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call a foul

If B is not totally inbounds he cant have legal guarding position by rule. Therefore you can call a foul on B as soon as contact between A and B occurs.
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Old Wed Apr 05, 2006, 10:53am
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Frankly if B is deliberately impedeing the path of A to get back inbounds and any contact occurs I got a personal foul. SO instead of a throw in there is the possibility of bonus shots. If not in bonus yet and we have another throw in then it would be preceeded by a warning not to do it again. Then if it happens again I got a T and we shoot 2. JMO, probably no rules reference to support it, but I dont think I would get any arguement about handling it that way.

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Old Thu Apr 06, 2006, 12:53am
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1st time: violation with a loud verbal warning about contact, loud enough that A1 hears and knows that any contact will be a foul on B1.

2nd time: foul as described.

There won't be a 3rd time.
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Old Thu Apr 06, 2006, 01:15am
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"1st time: violation with a loud verbal warning about contact, loud enough that A1 hears and knows that any contact will be a foul on B1."

But in talking about an end of the game, potentially winning or tying at the buzzer type situation, I think you've gotta get the foul on the first contact.

The new question is what if B1 never leaves to go out of bounds but gets right to the edge without touching the line and continues to move to block A1 from getting in bounds... Also a block, right? So why wouldn't we have the same call out of bounds... Just hypothesizing here.
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Old Thu Apr 06, 2006, 02:55am
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Quote:
Originally Posted by bradfordwilkins
"1st time: violation with a loud verbal warning about contact, loud enough that A1 hears and knows that any contact will be a foul on B1."

But in talking about an end of the game, potentially winning or tying at the buzzer type situation, I think you've gotta get the foul on the first contact.

The new question is what if B1 never leaves to go out of bounds but gets right to the edge without touching the line and continues to move to block A1 from getting in bounds... Also a block, right? So why wouldn't we have the same call out of bounds... Just hypothesizing here.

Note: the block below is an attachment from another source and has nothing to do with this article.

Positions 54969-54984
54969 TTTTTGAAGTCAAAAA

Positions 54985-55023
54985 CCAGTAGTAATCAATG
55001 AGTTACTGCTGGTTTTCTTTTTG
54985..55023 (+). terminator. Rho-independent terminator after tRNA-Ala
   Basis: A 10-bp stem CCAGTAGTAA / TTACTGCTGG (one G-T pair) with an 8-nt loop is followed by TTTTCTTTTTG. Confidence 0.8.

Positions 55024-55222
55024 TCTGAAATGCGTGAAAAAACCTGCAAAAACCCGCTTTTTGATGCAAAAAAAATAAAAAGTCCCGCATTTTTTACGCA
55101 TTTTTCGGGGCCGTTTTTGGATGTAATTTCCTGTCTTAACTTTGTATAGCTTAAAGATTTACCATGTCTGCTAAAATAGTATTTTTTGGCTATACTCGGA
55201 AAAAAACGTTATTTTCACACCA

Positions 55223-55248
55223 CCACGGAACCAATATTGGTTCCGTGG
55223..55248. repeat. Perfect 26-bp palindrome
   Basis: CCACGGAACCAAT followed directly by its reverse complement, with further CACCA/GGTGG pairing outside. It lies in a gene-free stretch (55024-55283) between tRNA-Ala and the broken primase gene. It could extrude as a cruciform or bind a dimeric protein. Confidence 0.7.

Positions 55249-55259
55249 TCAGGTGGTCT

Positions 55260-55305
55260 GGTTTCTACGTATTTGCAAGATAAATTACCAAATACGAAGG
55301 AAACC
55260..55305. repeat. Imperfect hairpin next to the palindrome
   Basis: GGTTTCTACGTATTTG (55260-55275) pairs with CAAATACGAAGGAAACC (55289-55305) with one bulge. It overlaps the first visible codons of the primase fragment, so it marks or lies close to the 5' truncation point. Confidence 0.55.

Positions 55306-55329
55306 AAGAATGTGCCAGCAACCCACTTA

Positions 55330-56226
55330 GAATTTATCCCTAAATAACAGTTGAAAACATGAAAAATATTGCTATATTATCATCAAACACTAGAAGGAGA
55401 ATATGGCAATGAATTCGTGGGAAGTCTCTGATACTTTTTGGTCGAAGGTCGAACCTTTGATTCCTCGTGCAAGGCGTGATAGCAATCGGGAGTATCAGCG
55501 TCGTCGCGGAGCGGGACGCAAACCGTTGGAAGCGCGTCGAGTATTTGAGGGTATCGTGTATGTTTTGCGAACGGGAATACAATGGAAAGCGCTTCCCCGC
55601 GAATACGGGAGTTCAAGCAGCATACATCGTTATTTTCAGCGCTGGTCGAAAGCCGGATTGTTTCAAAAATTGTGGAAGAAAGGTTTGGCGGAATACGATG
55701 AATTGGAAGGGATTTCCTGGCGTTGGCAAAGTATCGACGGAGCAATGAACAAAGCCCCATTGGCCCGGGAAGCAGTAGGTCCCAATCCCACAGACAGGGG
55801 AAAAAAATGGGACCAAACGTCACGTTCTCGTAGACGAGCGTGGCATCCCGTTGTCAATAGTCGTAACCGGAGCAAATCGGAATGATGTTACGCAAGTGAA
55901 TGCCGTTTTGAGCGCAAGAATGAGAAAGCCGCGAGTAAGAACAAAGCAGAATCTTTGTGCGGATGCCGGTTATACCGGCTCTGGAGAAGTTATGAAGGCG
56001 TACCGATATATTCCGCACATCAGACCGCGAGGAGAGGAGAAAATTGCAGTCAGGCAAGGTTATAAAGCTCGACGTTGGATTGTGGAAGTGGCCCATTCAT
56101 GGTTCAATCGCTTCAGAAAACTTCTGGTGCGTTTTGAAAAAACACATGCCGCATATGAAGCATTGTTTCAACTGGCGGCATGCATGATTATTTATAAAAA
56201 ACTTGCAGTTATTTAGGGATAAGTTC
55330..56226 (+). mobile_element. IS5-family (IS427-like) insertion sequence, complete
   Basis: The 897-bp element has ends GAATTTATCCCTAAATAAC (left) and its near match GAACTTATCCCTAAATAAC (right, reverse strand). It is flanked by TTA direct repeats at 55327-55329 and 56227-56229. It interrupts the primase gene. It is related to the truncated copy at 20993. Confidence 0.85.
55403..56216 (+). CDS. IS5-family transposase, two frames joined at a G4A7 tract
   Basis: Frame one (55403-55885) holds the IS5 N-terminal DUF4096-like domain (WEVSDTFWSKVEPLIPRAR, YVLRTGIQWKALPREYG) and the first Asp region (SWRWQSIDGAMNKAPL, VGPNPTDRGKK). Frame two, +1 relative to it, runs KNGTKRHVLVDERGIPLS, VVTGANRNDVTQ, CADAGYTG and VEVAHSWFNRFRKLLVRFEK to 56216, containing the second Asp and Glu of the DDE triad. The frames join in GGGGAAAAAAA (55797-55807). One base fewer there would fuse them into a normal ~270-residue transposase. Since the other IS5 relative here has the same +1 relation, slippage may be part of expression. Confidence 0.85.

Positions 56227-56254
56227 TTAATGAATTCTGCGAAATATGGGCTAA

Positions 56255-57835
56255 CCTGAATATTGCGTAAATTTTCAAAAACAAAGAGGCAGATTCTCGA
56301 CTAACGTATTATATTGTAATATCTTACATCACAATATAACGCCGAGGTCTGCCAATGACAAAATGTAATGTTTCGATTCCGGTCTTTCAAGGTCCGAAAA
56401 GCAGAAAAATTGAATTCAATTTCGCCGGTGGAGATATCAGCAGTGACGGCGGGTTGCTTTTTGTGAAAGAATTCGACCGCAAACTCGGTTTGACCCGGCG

B1 has the right to be wherever they wish...inbounds....even up to the boundary. If A1 runs into B1, it MAY be a block if B1 didn't allow time/distance.

If B1 leaves the court and fouls A1 (who is attempting to get back inbounds after a throwin), I'd have no problem calling the foul....but it must be one that would have been a foul if the same contact were to occur inbounds.
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Old Thu Apr 06, 2006, 08:54am
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Quote:
Originally Posted by bradfordwilkins
"1st time: violation with a loud verbal warning about contact, loud enough that A1 hears and knows that any contact will be a foul on B1."

But in talking about an end of the game, potentially winning or tying at the buzzer type situation, I think you've gotta get the foul on the first contact.

The new question is what if B1 never leaves to go out of bounds but gets right to the edge without touching the line and continues to move to block A1 from getting in bounds... Also a block, right? So why wouldn't we have the same call out of bounds... Just hypothesizing here.
What do you mean "gotta get it on the first contact" the game should be called the same way wheter or not it's the last or first qtr, first or last minute, you're an official and can not care wheter or not one team must get the foul on the first contact to suceed. Call the game consistently, if it's a warning it is a warning and if it's a foul it's a foul regardless of the outcome.
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Old Fri Apr 07, 2006, 01:21am
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Quote:
Originally Posted by FrankHtown
If there is contact by B1, why not call a foul? The ball is live.

The precedent has been set, in that a defender, with a foot touching the out of bounds line, cannot be considered to have legal guarding position, even if he has roots growing from his feet. It is, by rule, a block.

Also, I believe there is still in the rule book, a provision for a Technical foul for leaving the court, in addition to the violation, in circumstances were it is egreg.....ergre... done deliberately.
This rule only applies to block charge scenarios where "legal guarding position" is required to avoid a defensive foul. It is still possible in this situation to call an offensive foul.

Now, for the original scenario, I'd have to see it. But if there's no contact, I've got nothing. If B is causing contact to prevent A1 from returning to the court, easy foul.